National Affairs: Rough & Ready

Like most of its predecessors, the presidential campaign promised to be notable for irresponsible charges and ridiculous statements. Candidate Harry Truman charged that the Republican Party, and thus Candidate Tom Dewey, was the tool of "special interests." Candidate Henry Wallace cried that Candidate Truman was the tool of "the big money or the big brass." Candidate Dewey had not yet said anything, but he had okayed Harold Stassen's accusation that President Truman was trying to set "class against class."

All this, of course, was what Wendell Willkie called just "campaign oratory." But it was shouted from the housetops, and would be for...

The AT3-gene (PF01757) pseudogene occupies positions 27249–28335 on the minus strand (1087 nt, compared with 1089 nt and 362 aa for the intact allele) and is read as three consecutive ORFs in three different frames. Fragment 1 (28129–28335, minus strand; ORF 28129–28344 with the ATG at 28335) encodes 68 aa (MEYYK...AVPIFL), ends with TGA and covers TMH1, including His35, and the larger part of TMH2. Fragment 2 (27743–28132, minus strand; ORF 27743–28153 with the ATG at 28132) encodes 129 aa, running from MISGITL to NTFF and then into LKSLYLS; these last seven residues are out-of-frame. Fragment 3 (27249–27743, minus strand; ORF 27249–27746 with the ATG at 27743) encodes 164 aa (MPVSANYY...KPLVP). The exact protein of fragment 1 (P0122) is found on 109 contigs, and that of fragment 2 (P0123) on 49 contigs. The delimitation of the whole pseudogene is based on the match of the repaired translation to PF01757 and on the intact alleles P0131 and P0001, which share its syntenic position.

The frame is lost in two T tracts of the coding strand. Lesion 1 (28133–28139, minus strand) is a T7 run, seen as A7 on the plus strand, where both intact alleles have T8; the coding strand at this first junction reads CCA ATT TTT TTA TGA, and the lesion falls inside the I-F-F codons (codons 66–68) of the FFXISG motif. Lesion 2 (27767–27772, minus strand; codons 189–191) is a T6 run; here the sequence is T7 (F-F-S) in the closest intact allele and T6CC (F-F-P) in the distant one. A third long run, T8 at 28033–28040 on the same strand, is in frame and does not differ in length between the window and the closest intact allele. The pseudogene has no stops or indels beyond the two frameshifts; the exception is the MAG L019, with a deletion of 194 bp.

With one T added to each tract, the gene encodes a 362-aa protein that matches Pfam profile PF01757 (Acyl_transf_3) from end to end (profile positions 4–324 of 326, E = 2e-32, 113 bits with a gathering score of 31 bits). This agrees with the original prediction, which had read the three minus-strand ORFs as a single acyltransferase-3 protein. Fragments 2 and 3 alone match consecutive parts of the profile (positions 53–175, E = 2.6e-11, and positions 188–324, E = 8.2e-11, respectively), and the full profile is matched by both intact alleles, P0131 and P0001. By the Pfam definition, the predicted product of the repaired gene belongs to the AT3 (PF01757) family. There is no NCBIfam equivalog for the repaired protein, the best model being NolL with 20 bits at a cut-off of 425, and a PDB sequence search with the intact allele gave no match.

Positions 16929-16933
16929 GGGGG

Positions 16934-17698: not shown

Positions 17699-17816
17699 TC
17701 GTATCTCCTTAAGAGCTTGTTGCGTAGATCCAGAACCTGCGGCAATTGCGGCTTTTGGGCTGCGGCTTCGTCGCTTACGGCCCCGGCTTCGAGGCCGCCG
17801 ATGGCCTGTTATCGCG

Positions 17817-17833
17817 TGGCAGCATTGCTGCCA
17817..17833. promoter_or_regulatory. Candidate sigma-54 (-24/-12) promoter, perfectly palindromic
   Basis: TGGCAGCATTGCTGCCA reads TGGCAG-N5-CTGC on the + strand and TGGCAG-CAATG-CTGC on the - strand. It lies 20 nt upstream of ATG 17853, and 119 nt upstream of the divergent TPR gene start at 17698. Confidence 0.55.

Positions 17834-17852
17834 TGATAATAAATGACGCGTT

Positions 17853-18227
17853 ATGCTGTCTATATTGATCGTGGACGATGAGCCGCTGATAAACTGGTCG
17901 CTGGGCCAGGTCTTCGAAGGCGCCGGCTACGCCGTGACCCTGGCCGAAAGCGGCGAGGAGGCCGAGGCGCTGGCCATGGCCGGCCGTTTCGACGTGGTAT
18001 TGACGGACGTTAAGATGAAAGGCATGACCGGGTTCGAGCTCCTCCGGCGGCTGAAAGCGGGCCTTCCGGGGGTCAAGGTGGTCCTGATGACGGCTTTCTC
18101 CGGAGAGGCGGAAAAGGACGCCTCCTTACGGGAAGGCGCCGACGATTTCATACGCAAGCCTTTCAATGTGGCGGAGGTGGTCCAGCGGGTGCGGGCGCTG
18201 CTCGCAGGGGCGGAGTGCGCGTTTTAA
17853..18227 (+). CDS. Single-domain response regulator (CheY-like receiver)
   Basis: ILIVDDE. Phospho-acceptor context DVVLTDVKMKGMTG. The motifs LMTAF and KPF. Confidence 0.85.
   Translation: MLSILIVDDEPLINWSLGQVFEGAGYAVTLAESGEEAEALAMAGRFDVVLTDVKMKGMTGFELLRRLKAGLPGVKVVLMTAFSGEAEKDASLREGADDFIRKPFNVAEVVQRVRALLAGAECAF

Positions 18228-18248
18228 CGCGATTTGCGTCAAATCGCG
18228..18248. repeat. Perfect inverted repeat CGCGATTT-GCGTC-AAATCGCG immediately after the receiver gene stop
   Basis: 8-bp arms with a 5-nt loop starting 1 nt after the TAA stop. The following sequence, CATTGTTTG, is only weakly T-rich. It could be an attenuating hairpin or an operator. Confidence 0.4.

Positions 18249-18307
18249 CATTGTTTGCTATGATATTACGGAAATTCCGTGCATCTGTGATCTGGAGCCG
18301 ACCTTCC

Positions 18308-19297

Want the full story?

Subscribe Now


Get TIME the way you want it

  • One Week Digital Pass — $4.99
  • Monthly Pay-As-You-Go DIGITAL ACCESS$2.99
  • One Year ALL ACCESSJust $30!   Best Deal!
    Print Magazine + Digital Edition + Subscriber-only Content on

Learn more about the benefits of being a TIME subscriber

If you are already a subscriber sign up — registration is free!